Tuesday, May 5, 2020

Paris Cafe

VANISHED

The Paris Cafe at South Street Seaport is no more. After being in business since 1873 and surviving the numerous trials and tragedies of history, including a comeback from Hurricane Sandy, it could not survive the coronavirus shutdown of the city.



On their Facebook page, they announced:

"To all our wonderful patrons and friends I would like to extend a sincere thanks and a fond farewell from The Paris Cafe. Through no fault of anyone but the outbreak of this virus we are unable to forge a way forward that makes economic sense. We had no option but to close our doors. Hope springs eternal and perhaps with a change in the economic climate we may find our way back. With all our hearts we say thank you for all the fun, friendships and laughter as well as the few shillings spent. My thoughts are with our lovely staff at this time and we would like to thank all who subscribed to our Go Fund Me fund which is gratefully appreciated by staff in need. Our friendships will remain strong and when the grey skies clear we will meet and be renewed."


Lee Remick in front of the Paris Cafe, 1960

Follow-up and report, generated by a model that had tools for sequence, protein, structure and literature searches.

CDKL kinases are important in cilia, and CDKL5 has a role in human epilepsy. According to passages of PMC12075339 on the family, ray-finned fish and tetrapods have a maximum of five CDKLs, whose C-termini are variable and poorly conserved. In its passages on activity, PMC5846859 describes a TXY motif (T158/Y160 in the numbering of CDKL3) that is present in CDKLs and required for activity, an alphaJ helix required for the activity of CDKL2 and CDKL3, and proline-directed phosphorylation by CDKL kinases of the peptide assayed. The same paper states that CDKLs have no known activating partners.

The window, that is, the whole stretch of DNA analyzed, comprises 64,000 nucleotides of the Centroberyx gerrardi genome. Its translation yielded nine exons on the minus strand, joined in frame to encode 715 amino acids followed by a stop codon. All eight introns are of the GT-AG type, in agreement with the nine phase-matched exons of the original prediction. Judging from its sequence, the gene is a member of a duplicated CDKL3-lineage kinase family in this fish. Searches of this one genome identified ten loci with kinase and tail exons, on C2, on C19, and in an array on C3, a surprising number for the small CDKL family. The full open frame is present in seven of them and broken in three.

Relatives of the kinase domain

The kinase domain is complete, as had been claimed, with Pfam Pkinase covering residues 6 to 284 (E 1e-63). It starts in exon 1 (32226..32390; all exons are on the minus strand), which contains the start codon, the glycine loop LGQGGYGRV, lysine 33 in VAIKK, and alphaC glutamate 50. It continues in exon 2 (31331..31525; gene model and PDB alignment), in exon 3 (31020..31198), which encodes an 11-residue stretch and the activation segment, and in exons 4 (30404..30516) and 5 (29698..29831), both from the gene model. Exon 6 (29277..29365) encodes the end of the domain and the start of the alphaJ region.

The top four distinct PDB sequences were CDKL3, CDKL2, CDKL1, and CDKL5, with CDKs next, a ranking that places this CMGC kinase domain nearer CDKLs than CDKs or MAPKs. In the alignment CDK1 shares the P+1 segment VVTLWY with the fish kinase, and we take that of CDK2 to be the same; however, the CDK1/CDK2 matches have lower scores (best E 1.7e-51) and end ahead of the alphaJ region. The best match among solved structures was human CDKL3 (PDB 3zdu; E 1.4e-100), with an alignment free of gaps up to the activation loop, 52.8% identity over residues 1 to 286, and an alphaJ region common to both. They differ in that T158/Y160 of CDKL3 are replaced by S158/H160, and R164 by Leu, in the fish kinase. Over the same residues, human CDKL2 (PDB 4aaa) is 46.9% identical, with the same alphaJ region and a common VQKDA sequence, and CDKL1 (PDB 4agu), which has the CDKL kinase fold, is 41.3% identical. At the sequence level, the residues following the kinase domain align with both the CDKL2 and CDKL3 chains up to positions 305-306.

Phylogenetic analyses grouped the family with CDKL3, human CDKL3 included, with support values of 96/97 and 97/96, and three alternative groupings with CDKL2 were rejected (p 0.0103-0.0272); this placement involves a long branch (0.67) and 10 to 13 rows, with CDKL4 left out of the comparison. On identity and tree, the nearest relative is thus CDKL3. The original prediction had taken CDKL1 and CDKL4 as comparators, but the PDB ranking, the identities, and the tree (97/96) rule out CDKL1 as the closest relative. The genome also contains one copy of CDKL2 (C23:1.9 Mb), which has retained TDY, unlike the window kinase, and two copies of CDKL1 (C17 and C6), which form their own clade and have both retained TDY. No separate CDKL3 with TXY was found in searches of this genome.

(thanks to a different Lee for the tip and the photo)

4 comments:

Unknown said...

Check out photos by Barbara Mensch of Paris Bar:
https://www.robertandersongallery.com/photo/paris-bar-2/

I hate New Things said...

And now with no more Paris Cafe, the area is bereft of its historic restaurants joining Carmine's, Sloppy Louie's, Sweet's and the Bridge Cafe as ghosts of another time. Very sad and depressing.

Unknown said...

Makes no sense. I doubt they'll find a new tenant anytime soon, and whatever newbie moves in will need to establish a reputation. For the landlord, there will be broker fees, leasehold improvement concessions and whatever so they won't make any money either. Ugh!

Manqueman said...

Like nearly everything our elected officials are doing in response to the economic effects of the pandemic, this (and the Gem Spa situation) makes no sense. How forcing a tenant out when it will be a problem to replace them and the pool of prospective tenants will be a lot smaller for a long time to come is ridiculous. Far better to work with the existing tenant to make sure the tenant has a viable business when restrictions are eliminated.